Military spouses get help with professional licenses
June 13, 2011
ARLINGTON, Va., June 13, 2011 -- A Defense Department organization is making it easier for military spouses to maintain professional licenses as they move from state to state.
State Liaison and Educational Opportunity, an office of military community and family policy here, today announced that 16 states have adopted laws, or are close to doing so, to make it easier for military spouses to work in their career fields.
“It gets them to work faster, and that’s been our objective,” Marcus Beauregard, chief of the state liaison office and a retired Air Force officer, said in an interview with American Forces Press Service.
States require licenses for practitioners in virtually every medical occupation, as well as teaching, social work, cosmetology and other fields, and the standards vary from state to state, Beauregard said. DoD’s state liaison office was created in 2004 to work with states to address military family issues, and the licensing problem has been among the top concerns of families, he said.
Of working military spouses, 33 percent work in fields that require licenses, mostly nursing and teaching, Beauregard said. The state liaison office created a forum for spouses to discuss the licensing problems on its Facebook page.
More than 100 spouses wrote in, describing licensing challenges ranging from the expense of having to license with a new state every two to three years to lengthy processes of certification that include much paperwork, training, waiting periods, internships and the like. Many found that by the time they could get through the process, it would be time to relocate again.
“I gave up education as a profession because of all that was involved in obtaining licensure with each move,” a spouse wrote. “It was a difficult decision.”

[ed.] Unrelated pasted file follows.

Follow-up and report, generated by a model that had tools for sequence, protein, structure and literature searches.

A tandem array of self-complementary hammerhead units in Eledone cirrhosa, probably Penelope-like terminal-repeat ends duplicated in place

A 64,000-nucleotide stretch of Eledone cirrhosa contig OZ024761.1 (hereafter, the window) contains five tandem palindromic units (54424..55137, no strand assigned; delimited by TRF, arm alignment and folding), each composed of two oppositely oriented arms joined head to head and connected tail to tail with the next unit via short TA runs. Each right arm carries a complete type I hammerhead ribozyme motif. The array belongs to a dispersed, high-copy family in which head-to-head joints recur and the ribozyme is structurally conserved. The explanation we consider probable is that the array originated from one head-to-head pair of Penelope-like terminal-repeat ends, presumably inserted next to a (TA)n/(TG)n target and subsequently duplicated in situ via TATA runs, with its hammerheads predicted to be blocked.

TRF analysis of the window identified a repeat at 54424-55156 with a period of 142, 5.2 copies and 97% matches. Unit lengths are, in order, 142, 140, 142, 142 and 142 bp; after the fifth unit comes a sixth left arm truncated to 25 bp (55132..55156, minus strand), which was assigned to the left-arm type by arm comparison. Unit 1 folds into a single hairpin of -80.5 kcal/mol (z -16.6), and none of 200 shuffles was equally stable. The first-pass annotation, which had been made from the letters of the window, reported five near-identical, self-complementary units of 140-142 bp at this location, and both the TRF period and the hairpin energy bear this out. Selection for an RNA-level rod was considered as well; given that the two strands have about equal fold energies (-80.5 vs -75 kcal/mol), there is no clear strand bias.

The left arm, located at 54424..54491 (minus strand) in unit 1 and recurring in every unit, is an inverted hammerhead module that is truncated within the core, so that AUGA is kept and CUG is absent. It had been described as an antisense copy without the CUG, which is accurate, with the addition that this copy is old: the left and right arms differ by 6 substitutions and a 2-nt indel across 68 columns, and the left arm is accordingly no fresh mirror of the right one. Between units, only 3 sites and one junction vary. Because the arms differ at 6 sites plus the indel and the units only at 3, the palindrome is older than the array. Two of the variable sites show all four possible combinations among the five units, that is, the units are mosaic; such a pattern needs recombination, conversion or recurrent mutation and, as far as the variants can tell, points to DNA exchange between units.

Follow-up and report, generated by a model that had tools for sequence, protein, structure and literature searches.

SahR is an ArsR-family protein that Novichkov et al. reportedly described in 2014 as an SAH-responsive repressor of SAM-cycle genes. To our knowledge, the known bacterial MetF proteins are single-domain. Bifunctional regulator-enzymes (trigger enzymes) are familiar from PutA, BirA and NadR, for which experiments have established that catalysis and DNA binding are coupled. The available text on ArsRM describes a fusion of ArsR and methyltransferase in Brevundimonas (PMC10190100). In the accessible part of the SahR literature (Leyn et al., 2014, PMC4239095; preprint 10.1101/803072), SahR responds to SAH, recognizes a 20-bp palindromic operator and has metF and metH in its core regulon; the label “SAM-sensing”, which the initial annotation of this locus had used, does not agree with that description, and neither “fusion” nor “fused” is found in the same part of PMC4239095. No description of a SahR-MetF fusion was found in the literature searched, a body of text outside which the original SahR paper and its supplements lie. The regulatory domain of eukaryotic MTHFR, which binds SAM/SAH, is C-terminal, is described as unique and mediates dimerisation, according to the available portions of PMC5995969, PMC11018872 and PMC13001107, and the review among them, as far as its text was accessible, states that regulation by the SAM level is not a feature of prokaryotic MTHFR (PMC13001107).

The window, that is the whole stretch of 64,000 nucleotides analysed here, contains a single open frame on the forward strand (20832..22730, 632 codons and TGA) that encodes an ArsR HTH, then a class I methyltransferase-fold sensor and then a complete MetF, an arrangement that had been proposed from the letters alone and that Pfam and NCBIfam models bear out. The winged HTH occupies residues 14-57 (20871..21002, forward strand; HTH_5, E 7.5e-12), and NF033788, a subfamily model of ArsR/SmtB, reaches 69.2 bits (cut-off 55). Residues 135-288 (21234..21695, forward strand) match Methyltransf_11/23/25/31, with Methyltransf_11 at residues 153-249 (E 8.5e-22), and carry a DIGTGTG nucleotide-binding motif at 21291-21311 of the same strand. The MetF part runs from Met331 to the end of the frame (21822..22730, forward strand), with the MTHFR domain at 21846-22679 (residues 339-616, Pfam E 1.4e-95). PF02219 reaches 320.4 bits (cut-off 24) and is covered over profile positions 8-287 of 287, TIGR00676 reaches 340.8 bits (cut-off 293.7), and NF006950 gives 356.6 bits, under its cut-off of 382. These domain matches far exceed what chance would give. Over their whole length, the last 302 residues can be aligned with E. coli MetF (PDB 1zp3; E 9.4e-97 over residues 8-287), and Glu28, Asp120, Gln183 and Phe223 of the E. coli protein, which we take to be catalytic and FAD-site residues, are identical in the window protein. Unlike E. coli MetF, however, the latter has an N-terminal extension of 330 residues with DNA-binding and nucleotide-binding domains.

The state liaison office formed partnerships with state agencies and professional associations to educate state lawmakers about the unique challenges to military families.
“We’re not looking to make the military community have a preferred status in states,” Beauregard said. “We’re looking at those things that impede people because of their military life. In all cases, we’re just looking to level the playing field.”
The office promoted two strategies for mitigating the licensing challenges. The first -- and favorite -- is for states to permit licenses by endorsement of the last state license. The second option allows a temporary license to expedite the spouse’s employment options.
States that have enacted laws for endorsement of licenses -- or those waiting for a governor’s signature include:
Arizona, Colorado, Kansas, Montana, North Carolina, New York and Texas. States that allow temporary licenses are Alaska, Florida, Kentucky, Missouri, Ohio, South Carolina and Tennessee.
Utah allows nonresident military spouses to use out-of-state licenses, and Virginia allows military spouses who leave the state to re-use the license upon their return, Beauregard said.
The state liaison office’s efforts are in line with President Barack Obama’s directive released early this year to promote a “whole of government” approach to helping military families. Since 2008, the office also has succeeded in getting 39 states to pass laws to accept the out-of-state course work of school-age military children.